The Purge – Review

In my anticipatory comments about The Purge, I guardedly noted that it…

“…could make for a really interesting genre film in any number of ways, it could also make for an appalling straight to video (or I should say straight to DVD/Blu-Ray/Netflix etc) attrocity with few redeeming features.

I’m hoping for the former, but probably expecting the latter, its a similar feeling to when you hear there is a new Morrissey album coming out.”

The_Purge_posterI was maybe hoping for a passable, with some good bits, Southpaw Grammar – but ended up with a rather by-the-numbers Years Of Refusal (with the caveat that All You Need Is Me is very good).

The Purge is rather frustrating as it opens in an intriguing, satirical manner (even if the satire is of the sledgehammer variety) with the eerie preparation for the annual evening of legalised slaughter that a near future US has imposed after some sort of scary political meltdown. The notional rationale (which is never really developed upon) is that it acts as some sort of release valve for the more psychotic side of the population, keeping crime down for the rest of the year. The underlying implication being that it is an excuse for the rich people to murder everyone who isn’t rich.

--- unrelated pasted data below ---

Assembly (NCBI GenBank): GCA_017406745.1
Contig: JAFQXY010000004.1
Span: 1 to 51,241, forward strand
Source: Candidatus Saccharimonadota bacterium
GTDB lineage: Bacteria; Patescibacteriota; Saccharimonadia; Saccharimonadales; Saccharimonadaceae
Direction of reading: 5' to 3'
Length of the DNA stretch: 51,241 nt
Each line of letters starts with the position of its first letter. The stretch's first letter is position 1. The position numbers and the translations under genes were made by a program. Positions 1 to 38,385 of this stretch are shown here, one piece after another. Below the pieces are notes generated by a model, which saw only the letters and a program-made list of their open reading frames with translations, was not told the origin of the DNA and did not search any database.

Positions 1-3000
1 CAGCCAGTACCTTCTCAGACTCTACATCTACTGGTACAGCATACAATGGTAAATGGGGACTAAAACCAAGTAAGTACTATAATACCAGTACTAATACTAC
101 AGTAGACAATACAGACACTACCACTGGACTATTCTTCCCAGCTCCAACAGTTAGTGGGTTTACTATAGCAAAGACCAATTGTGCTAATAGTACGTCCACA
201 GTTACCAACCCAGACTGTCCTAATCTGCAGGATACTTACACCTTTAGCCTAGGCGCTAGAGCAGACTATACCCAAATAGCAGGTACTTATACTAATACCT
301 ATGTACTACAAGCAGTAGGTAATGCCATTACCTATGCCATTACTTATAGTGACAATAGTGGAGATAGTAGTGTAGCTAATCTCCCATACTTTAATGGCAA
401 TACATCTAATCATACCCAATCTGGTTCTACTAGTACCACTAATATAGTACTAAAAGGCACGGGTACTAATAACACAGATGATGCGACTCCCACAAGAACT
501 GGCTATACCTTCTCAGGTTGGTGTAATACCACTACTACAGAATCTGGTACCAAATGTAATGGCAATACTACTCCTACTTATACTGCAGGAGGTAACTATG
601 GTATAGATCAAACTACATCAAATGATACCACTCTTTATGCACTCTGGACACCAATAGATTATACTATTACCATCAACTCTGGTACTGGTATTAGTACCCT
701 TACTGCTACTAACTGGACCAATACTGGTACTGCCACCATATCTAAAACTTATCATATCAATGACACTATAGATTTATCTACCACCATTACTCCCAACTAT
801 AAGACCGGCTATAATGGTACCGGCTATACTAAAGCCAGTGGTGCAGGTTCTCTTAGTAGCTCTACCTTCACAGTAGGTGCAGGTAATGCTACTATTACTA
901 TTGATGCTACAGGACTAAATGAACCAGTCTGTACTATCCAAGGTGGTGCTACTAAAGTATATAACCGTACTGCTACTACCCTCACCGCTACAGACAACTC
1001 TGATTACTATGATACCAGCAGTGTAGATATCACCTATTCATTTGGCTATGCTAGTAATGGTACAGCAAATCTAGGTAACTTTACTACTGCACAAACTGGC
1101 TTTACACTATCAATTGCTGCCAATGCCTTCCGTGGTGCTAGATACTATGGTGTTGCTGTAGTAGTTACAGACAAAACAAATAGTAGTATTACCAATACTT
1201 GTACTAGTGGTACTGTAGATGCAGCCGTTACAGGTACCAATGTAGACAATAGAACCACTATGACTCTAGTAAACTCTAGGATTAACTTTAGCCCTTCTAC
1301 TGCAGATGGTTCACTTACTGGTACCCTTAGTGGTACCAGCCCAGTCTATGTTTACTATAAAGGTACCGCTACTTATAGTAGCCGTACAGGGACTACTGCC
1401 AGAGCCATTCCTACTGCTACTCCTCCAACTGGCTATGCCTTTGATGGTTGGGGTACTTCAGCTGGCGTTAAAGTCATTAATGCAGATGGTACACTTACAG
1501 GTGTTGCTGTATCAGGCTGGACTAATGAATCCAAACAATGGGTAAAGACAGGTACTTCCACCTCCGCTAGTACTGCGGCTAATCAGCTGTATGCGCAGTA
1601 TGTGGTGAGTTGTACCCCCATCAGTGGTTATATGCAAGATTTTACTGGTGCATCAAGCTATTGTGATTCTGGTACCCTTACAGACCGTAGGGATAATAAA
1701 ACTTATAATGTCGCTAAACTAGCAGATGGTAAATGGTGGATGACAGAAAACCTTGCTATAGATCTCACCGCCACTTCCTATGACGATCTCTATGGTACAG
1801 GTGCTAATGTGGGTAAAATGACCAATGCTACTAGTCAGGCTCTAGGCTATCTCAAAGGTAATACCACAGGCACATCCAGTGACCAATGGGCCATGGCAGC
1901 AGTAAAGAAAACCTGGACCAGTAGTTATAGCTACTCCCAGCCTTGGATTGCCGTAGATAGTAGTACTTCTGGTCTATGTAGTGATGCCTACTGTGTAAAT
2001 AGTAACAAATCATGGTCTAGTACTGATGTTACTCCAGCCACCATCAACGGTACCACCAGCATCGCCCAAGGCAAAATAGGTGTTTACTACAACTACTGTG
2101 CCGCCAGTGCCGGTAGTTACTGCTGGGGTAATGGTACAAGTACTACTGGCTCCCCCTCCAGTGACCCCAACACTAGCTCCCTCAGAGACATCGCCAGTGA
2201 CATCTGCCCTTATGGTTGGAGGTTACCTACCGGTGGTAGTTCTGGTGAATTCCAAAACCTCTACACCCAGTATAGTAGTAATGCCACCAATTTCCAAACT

Via a series of irrational decisions by his creepy kids, the wealthy security system sales douchebag protagonist played by Ethan Hawke ends up on the wrong end of the Purge-ing nutters. I thought this would lead to some sort of western outpost/Straw Dogs siege battle, but it actually lead to about forty minutes of this on a loop:

1. Scared character enters room, inexpertly grasping a weapon

2. We all wait for a mask wearing psycho to scarily jump out at them

3. An indeterminate period of tension building occurs

4. The mask-wearing psycho shockingly attacks, we all jump a bit

5. Someone gets killed

The Purge clocks in at just 85 minutes, but trust me it seems longer – A missed opportunity.

CURRENT ANTICIPATION-OMETER STATUS AFTER 3 of 10 FILMS: DISAPPOINTED

ant3

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